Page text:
A panoramic view of the Aguas Blancas nitrate/iodine mine.
Credit: Martin Reich
The driest, highest desert on Earth, Chile's Atacama Desert, also holds the world's richest nitrate and iodine deposits. As such, a "white gold" rush there fueled Europe's bombs in World War I and helped raise IQs once iodine deficiency was discovered.
But even after the nitrate mines closed in the 1930s, the source of the massive mineral drifts remained a mystery. Glowing white as they bake on the sere desert surface, the Atacama nitrates are like nothing else in the world.
"These are weird deposits that, from a geological perspective, shouldn't be there," said Martin Reich, a geochemist at the Universidad de Chile in Santiago. "Nitrogen is abundant in the Earth's atmosphere but is highly depleted in the [Earth's] crust. Therefore, the giant nitrate deposits of the Atacama Desert are one of the most extraordinary, yet enigmatic mineral occurrences on Earth," Reich told Live Science in an email interview. [Photos: The Haunting Splendor of Chile's Atacama Desert]
Now, Reich and an international group of collaborators think they've finally solved the mystery, thanks to painstaking chemical analysis of unusual trace chemicals in the nitrates. Their findings were published Jan. 10 in the journal Geology.
World's biggest 'white gold' mine
The Atacama nitrates create a giant, nearly continuous belt inland of the Chilean Coast Ranges — the mountains that mark the high desert's western boundary. The Coast Ranges, combined with a permanent high-pressure atmospheric ridge offshore of southern South America, block Pacific Ocean weather systems that might bring rain to the desert. To the east lie the Andes Mountains, the tall volcanoes that drain any incoming moisture from the Amazon.
The nitrate belt is about 435 miles (700 kilometers) long and 12 miles (20 km) wide. The minerals are either in crunchy surface deposits called caliche — crusts formed by evaporation — or found in veins in bedrock fractures.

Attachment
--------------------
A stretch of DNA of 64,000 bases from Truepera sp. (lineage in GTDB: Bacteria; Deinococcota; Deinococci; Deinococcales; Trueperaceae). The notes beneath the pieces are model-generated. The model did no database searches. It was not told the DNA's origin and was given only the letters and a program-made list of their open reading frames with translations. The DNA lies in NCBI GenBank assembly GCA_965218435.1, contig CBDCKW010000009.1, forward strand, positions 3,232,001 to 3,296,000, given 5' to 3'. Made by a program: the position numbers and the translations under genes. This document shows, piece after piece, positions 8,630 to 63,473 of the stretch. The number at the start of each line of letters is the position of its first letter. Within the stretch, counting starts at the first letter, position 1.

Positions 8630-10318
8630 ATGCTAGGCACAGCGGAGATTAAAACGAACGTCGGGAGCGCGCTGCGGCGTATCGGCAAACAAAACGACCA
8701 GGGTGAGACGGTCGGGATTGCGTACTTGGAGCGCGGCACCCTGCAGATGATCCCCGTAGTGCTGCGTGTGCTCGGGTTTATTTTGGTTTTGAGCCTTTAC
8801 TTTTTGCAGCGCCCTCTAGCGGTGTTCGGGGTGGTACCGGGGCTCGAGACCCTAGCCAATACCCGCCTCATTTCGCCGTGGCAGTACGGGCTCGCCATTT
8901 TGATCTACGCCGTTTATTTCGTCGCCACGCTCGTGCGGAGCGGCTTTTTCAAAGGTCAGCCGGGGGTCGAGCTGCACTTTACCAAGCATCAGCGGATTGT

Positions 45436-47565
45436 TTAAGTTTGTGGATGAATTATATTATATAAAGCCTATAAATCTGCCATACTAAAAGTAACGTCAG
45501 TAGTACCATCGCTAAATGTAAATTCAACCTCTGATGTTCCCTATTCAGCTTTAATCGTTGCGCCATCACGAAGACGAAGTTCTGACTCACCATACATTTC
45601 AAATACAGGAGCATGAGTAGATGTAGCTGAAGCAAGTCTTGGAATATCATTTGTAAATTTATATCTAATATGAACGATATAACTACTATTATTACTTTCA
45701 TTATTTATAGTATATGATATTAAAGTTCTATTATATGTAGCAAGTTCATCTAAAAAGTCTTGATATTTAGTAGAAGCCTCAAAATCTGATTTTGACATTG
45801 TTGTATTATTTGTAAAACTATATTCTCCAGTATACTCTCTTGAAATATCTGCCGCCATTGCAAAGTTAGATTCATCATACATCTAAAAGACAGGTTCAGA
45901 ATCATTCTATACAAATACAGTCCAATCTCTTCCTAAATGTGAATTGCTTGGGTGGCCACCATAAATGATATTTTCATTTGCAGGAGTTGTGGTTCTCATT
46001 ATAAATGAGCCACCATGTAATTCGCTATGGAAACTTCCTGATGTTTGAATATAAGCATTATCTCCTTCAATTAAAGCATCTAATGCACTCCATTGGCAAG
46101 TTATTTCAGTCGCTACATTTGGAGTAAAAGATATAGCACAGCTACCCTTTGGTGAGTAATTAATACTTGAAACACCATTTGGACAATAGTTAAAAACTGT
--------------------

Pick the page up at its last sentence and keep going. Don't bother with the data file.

For decades, the simple explanation was that millions of years of evaporation concentrated the nitrates near the desert surface. The minerals were brought in as sea spray carried on fog, or as rain during short-lived climate shifts to wetter periods.
But Reich and his colleagues discovered a more complicated story. Their work relies on analysis of isotopes of iodine and chromium in the nitrates. (Isotopes are atoms of different weights.) The isotopes are like geochemical fingerprints, revealing whether the chemicals came from rainfall, seawater or another water source. [Video: Where'd That Water Come From? Check the Isotope]
It turns out that both the iodine and chromium come from an unusual source — deep, old groundwater.
"Our results show the iodine in the nitrate does not come from the atmosphere, such as ocean fog or sea spray, but is very old in age and has been leached and transported from marine sedimentary rocks," Reich said. The chromium isotopes also had a unique fingerprint — similar to chromium-bearing groundwater in the Mojave Desert — that suggests the nitrates formed from groundwater.
Based on these and other chemical clues, Reich and his colleagues now tie the birth of the nitrates to the rise of the Chilean mountains and its drying desert.
"The formation and preservation of these deposits were triggered by increasing aridity and the tectonic rise of the Andes," Reich said.
Here is the Atacama nitrates' new birth story:
The first step started more than 20 millions years ago, when rain and snow leached iodine and chromium from marine and volcanic rocks in the High Andes. These and other chemicals (nitrogen, sulfur) were transported westward into the future Atacama Desert basin by groundwater. Chile's climate was warmer and wetter then. Between 20 million and 10 million years ago, both the Andes Mountains and the Coast Ranges became higher and the climate shifted. Rainfall in the Atacama Desert dropped precipitously, until it was so low it was impossible to measure in the driest parts of the desert.
The elevation change, and difference between the wet Andes and dry desert, would drive groundwater to the west, the researchers think. But the Coast Ranges act as an impermeable barrier, forcing groundwater to rise and evaporate, leaving behind iodine, chromium and nitrate. At the same time, sea spray and fog also drop small amounts of nitrate and other minerals, weaving the complex chemistry found today.
Reich hopes to trace the ancient groundwater back to its source. "The 'paleo-groundwater' flow lines go through many copper deposits, so trace metal concentrations in the nitrates may be used as proxies for finding hidden ore deposits," Reich said.